In preparing the plan, the Partnership interviewed thousands of Canadians from all provinces and territories.

“The largest chunk was the Choicebook, an online survey anyone could do, and we did a major campaign to publicize this work and encourage people to fill out this questionnaire. We asked people their priorities. In my favourite one, we asked, ‘If you had $100 to spend on cancer, how would you divide it up between prevention, screening, diagnosis, treatment, palliative care and survivorship?’ Prevention of cancer was the number one thing they picked, but in public health, prevention is not where our major spend goes.” That insight helped shift the focus of the plan.

The Partnership also spoke with people at public sessions across the country, some of them targeting specific under-served groups such as LGBTQ people or indigenous peoples. Other meetings included health-care providers, and one brought together the heads of Canada’s cancer agencies.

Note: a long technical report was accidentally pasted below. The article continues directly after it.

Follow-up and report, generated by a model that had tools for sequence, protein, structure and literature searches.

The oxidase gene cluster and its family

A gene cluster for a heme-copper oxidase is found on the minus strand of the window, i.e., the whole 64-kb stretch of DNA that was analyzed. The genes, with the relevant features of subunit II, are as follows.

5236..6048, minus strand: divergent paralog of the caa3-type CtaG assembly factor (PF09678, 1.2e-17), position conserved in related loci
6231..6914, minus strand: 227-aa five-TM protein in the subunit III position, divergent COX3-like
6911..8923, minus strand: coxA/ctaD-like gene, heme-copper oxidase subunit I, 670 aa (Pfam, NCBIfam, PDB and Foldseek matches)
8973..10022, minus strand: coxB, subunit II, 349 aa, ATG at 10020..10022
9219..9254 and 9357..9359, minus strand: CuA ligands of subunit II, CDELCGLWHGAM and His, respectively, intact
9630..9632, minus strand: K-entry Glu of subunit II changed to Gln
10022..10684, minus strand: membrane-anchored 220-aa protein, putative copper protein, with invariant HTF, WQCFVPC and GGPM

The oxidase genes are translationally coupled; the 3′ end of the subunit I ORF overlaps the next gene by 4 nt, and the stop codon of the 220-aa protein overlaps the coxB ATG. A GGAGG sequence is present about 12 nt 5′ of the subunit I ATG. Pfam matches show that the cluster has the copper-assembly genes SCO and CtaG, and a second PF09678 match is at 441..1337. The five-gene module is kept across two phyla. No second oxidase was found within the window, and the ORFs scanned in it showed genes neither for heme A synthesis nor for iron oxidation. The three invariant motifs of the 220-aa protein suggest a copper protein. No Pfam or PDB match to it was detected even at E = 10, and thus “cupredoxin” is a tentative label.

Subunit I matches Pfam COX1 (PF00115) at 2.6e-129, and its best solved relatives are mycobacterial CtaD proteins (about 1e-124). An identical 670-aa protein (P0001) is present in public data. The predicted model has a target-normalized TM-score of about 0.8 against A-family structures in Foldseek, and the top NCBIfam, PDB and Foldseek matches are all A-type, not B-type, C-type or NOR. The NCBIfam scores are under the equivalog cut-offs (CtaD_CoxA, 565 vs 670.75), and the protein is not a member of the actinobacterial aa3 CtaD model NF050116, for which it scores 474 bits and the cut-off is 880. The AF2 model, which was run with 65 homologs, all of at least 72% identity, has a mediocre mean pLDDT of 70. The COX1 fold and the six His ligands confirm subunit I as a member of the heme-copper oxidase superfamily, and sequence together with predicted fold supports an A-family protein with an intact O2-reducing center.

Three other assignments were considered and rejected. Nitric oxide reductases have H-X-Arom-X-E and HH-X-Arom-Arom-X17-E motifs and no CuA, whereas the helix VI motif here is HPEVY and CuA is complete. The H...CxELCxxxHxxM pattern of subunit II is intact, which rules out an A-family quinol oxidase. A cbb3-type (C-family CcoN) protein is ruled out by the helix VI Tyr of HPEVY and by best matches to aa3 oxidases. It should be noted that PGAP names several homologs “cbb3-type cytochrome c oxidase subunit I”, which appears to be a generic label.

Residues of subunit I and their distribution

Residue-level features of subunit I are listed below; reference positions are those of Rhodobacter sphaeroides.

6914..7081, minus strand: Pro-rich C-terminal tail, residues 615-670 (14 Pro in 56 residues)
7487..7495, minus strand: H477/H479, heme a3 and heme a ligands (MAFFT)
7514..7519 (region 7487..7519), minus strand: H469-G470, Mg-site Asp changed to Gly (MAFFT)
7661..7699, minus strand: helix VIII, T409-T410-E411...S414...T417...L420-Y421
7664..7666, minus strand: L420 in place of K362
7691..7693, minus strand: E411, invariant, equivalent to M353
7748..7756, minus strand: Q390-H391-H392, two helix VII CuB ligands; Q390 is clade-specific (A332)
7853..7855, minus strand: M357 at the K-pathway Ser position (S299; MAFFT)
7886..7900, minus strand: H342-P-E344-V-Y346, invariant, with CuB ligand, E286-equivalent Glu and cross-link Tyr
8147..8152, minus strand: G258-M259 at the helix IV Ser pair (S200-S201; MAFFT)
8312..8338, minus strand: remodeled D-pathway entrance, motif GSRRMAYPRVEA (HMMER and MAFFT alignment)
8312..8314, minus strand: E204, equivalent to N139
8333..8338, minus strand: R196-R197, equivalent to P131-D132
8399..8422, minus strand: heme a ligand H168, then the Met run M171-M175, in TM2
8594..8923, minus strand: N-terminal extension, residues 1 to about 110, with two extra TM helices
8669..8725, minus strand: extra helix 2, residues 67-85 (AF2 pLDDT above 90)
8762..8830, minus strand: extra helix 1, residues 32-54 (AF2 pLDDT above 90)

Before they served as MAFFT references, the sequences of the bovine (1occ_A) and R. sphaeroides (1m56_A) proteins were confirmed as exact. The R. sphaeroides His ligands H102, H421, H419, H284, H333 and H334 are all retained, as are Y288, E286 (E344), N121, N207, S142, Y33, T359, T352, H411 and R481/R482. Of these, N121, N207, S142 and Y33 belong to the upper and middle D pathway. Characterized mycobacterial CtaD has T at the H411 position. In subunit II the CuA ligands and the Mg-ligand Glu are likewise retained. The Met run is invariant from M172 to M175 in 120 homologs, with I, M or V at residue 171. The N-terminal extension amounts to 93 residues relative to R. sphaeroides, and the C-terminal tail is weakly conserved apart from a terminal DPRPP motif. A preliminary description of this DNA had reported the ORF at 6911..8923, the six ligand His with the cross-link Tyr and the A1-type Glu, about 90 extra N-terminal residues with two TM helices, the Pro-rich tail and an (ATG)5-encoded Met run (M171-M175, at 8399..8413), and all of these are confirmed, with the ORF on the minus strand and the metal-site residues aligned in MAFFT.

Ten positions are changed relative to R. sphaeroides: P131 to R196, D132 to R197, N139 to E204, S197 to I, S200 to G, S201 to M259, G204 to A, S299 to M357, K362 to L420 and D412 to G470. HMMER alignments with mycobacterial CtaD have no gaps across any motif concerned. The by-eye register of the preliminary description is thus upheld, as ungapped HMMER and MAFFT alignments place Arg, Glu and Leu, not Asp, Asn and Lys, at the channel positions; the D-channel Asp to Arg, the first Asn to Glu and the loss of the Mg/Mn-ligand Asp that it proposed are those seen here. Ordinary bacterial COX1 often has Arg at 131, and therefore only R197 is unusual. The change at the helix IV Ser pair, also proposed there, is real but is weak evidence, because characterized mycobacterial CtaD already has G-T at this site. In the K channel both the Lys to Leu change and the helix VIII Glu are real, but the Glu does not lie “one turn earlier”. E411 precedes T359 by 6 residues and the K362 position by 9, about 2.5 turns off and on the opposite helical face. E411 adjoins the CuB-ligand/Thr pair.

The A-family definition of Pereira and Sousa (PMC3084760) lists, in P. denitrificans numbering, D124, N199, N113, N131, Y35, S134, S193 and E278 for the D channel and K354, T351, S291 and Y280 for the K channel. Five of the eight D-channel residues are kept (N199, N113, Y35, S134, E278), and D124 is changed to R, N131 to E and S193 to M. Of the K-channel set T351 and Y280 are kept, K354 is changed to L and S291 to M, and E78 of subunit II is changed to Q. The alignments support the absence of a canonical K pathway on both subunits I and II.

“Although we couldn’t include everything that was brought up, in the end we came up with a list of priorities and actions that we didn’t hear any disagreement about,” Earle says.

While patients can’t join the Partnership in its behind-the-scenes role working with health-care systems, they can make their wishes known. One way is by asking for the care called for in the plan when visiting their doctors, Earle says. The Partnership also regularly does work with patient and family advisers. It is working to grow this network and encourages any Canadians affected by cancer — patients, families, friends, caregivers — to get involved by e-mailing info@partnershipagainstcancer.ca.

In any case, Earle believes it’s helpful for Canadians to know that the Partnership is working to support them through their cancer journeys — and to prevent more of those journeys from ever starting.

“It’s good to know about your health-care system, and that we are trying to make it as equitable as possible for all Canadians, no matter where you live or who you are,” he said.